That would be turtle, frog or alligator. I only found gator and frog legs on the menu.

I can only pronounce one of these three names.

I can only pronounce one of these three names.

Back at the water’s edge, Ron told me an interesting tale. He said Everglades City has the peculiar distinction of having had a drug bust in the 70’s in which every male in the town was arrested.

I went and knocked at the back door again and the woman came out and I preambled with: “Mind if I ask something about local history?”

“Sure.”

“I heard there was a drug bust in Everglades City,” and she stopped me right there with: “You get yer ass kicked you ask questions ’bout ’at.”

 

Apparently it’s true and they’re still miffed about it 40 years later. So I said nothing, turned around and went back to where Ron and Kay were standing.

We took an airboat with only two others on board. Another guy named Duane was our captain and he liked to gun the engine and fly over the water. He cut a sharp turn which threw water up and washed a mud flat to make it slick. Then he flew across that mud.

An airboat ride is an incredible experience. We were issued a set of earmuffs to cut down on the motor sounds, but there were no safety straps to hold us in. Florida is one of three donor states: No motorcycle helmet laws of any kind. Apparently there are no airboat seatbelt laws either. Ours was the smaller craft and Duane felt we could handle the speed — only 35 mph but it felt much faster. We rode rivulets into seemingly blind alleyways and out again, passed through branches of over hanging mangroves and did a full circle of the waterway spewing white foam in our wake.

An airboat riding the Everglades.

An airboat riding the Everglades.

There was a zoo associated with the airboat rentals. You had to pay extra, but a friend who had done it years ago insisted I find an alligator wrestler in the Everglades. We were told there was a “show,” but it was not called wrestling. Inside the pen this guy introduced himself as Duane, snuck up behind a six foot gator, sat on its back, lifted the head by the snout and pried open the jaws. Alligators cannot see what’s going on behind them, but when Duane slid his hand holding his hat in front, the gator was incredibly fast. Nearly caught that cap.

83 -- Alligator Wrestler Approaches  84 -- Wrestler Atop Gator85 -- Mouth Hold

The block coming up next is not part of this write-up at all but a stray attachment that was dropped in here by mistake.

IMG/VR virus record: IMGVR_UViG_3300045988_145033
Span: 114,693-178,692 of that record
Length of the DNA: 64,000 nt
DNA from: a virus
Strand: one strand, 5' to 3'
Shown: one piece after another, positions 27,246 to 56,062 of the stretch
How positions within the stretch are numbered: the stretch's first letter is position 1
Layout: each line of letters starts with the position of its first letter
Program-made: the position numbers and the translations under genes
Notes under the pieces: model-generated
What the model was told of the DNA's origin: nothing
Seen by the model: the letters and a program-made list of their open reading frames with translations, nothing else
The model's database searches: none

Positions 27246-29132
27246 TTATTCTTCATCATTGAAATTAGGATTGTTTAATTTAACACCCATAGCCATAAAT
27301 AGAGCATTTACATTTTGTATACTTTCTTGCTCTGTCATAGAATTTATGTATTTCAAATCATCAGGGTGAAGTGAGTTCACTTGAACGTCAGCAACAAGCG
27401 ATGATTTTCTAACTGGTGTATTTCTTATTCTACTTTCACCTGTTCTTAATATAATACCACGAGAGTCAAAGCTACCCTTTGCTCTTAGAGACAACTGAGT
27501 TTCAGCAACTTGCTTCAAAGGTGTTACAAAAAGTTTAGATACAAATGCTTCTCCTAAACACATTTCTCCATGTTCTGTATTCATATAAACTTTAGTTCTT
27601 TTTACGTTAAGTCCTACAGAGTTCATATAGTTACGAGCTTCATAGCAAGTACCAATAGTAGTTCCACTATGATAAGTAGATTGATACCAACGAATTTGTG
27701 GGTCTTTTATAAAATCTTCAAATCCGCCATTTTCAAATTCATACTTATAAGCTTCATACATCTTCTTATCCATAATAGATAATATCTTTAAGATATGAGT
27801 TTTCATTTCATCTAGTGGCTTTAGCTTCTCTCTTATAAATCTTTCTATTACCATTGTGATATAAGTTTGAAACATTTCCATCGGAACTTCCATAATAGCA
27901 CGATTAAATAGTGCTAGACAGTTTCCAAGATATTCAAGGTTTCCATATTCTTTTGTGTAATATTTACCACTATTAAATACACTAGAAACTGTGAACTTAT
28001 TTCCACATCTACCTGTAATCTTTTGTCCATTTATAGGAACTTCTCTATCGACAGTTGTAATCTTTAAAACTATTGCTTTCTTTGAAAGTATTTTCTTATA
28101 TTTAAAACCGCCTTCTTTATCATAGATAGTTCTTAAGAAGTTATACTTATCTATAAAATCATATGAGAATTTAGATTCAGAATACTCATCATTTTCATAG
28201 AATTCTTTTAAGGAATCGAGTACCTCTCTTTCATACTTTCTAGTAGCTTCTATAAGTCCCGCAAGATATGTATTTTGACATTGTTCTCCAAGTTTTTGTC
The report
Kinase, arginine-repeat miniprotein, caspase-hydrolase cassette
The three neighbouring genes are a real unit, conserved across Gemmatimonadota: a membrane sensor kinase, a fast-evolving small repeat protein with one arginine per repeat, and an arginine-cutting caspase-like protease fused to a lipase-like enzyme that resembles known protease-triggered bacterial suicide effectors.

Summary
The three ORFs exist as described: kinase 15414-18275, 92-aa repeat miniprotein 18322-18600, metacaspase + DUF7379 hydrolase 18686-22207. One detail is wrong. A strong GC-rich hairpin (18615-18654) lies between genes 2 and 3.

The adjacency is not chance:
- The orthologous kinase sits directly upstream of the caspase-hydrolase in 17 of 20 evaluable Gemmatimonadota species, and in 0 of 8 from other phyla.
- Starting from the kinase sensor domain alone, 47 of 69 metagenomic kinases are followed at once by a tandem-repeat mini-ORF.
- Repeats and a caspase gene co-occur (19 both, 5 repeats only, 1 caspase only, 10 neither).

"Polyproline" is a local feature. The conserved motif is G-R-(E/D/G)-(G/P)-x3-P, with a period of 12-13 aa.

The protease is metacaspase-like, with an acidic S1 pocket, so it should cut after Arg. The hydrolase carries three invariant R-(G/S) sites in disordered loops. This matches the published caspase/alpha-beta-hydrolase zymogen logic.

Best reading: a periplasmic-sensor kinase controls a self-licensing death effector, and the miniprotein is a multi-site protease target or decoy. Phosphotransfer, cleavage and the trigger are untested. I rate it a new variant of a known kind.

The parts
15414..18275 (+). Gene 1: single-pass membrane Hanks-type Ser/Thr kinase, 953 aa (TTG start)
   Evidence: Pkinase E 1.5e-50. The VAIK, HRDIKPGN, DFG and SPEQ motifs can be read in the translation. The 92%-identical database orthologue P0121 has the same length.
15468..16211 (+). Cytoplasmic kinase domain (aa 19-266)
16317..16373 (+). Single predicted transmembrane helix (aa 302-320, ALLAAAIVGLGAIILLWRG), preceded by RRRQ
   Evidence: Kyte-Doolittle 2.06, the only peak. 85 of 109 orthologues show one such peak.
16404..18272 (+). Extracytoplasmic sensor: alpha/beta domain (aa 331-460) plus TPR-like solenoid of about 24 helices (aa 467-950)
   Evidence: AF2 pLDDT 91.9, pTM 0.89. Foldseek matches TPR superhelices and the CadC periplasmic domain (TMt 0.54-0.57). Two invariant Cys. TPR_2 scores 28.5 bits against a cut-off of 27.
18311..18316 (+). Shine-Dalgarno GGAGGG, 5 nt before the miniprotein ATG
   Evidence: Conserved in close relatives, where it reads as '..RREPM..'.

Here’s Duane approaching, sitting down on, then opening the gator’s jaws. I remind you all that PETA has no truck with me for having taken these pictures.

87 -- Gaping Gator Jaws88 -- Holding Gator Open by the Snout89 -- Resting His Chin

Another thing they let you do in that zoo is hold an alligator.

93 A -- Harry Among the Alligators Yes, that’s me and the animal is probably a baby, but notice how they wrapped a big rubber band around its mouth.

* * *

Depending on how you look at it, the real estate market in Florida isn’t all that bad. Ron and Kay bought a house with about a third of an acre of land including a small but authentic swimming pool for under a hundred thousand. They were paying more in rent for a flat in San Francisco than their mortgage is now.

Ron said the property was a bank repo and the large back yard had been left to seed. He started clearing the land and planted banana trees.

Air ferns, bromeliads, grow everywhere in Southern Florida where they thrive. I spotted these plants and asked Kay to pick me some to take home. It is quite legal to mail or transport flora across state lines. I have an Australian brush cherry in my back yard. I often ship seedlings from it to relatives and friends. Although I am allowed to mail the brush cherry to any state in the country, I am not allowed to send seedlings to Australia even though that’s where it was born.

I picked a few seedlings and am sending them to Ron and Kay to plant next to their banana plantation that’s currently only two feet tall.

(2014)